Delivering CDM in a digital environment

The BIM4 H&S Working Group has developed new guidance for those procuring projects which should enable the project and design teams to identify significant issues and risks early. One of its authors, strategic technical adviser Steve Coppin, explains more. 

New guidance from the BIM4 Health and Safety Working Group will help clients discharge their duties under the CDM Regulations more easily by harnessing the standard building information management protocols. The working group is chaired by Gordon Crick, an inspector at the Health & Safety Executive (HSE).

Its title is CDM Digitally – Guidance to Help all Clients: Improving information management in construction projects and its purpose is to educate and inform clients on how relevant data information can be captured and shared with the right people at the right times during the life cycle of their projects. 

The guidance sets out why and how clients should adopt information management (IM) and information requirements (IMRs) in the contract via employer’s information requirements (EIRs) as part of the procurement process and set this out in the brief at the earliest stage of the project. 

Identifying risks early

Setting out information requirements enables the project and design teams to identify significant issues and risks early and enables building elements to be captured and tracked during the life cycle of any project. This helps assist in complying with the legal requirements of CDM.

Better information management methodologies provide effective ways of meeting these requirements – for example, clash detection can identify significant health and safety issues and risks in early design, opening up new possibilities for monitoring and measuring risk management, including better learning opportunities.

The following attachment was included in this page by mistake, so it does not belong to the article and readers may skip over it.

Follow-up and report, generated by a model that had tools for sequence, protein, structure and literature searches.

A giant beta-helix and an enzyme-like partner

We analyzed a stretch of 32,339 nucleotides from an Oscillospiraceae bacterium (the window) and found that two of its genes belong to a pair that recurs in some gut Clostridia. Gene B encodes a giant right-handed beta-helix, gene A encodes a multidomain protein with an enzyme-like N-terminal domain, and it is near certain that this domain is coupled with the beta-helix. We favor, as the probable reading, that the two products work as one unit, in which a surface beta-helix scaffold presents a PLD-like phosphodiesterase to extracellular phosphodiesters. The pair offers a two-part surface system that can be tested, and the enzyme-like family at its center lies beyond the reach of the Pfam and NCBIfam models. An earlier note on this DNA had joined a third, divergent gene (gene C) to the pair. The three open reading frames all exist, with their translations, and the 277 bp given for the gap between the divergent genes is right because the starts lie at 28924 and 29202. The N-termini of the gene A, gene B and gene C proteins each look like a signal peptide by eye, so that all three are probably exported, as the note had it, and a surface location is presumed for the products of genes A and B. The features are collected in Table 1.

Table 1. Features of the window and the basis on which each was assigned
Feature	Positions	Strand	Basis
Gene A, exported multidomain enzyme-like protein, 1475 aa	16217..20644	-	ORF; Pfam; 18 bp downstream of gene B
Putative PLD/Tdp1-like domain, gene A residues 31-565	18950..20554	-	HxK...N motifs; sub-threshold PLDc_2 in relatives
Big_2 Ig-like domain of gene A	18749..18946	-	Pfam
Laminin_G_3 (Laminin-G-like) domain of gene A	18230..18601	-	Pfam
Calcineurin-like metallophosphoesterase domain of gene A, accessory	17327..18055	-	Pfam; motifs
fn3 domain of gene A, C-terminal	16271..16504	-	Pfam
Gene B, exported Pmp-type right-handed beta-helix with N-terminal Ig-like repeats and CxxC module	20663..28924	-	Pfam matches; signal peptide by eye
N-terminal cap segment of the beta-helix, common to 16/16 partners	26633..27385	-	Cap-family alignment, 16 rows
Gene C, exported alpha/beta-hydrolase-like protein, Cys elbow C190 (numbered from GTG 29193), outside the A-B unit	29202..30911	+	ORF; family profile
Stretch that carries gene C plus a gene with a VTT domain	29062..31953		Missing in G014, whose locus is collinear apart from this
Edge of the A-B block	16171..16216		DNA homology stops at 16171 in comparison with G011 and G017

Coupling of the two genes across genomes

Construction life cycle plan

Four key benefits include:

  • from 3D to 4D and, better still, geometric models of structures in the early design phases provide visual pictures and animations which enhance the foreseeability of significant risks. (Duties on designers in CDM Regs 9 & 11);
  • 4D and, better still, geometric animations and simulations, which show construction over time, enable designs to be tested, rehearsed and checked, where stages of work take place successively and simultaneously (CDM Reg 11);
  • development of an effective common data environment (CDE) enables co-ordination for the purpose of planning, managing monitoring and coordination of critical health and safety information on a project 
  • (CDM Regs 11 and 13); and
  • handover of an effective health and safety file is enabled by good information management (CDM Reg 4).
Bridging PAS 1192-6 and ISO 19650

The PAS document PAS 1192-6 sets out the protocol for adopting a common data environment which allows information to be shared between the team and then handed over to the client in a standard format when the project is completed.

This helps clients improve information management for any construction project for their existing and future assets. The principles can be adopted for a paper-based system or improving the industry through better use of digital technology. 

organisational information requirements
The guidance stresses the need for a line of sight from the OIRs to point of delivery

The protocol set out in PAS 1192-6 is then added to, with 10 plain language questions that will help clients identify and prioritise key health and safety issues and risks. That is, focusing on good risk management, from project inception to design and construction and on to operational use of the asset. 

The questions have an associated maturity matrix to help clients fully understand them and prompt solutions and actions they might consider and or be required to perform.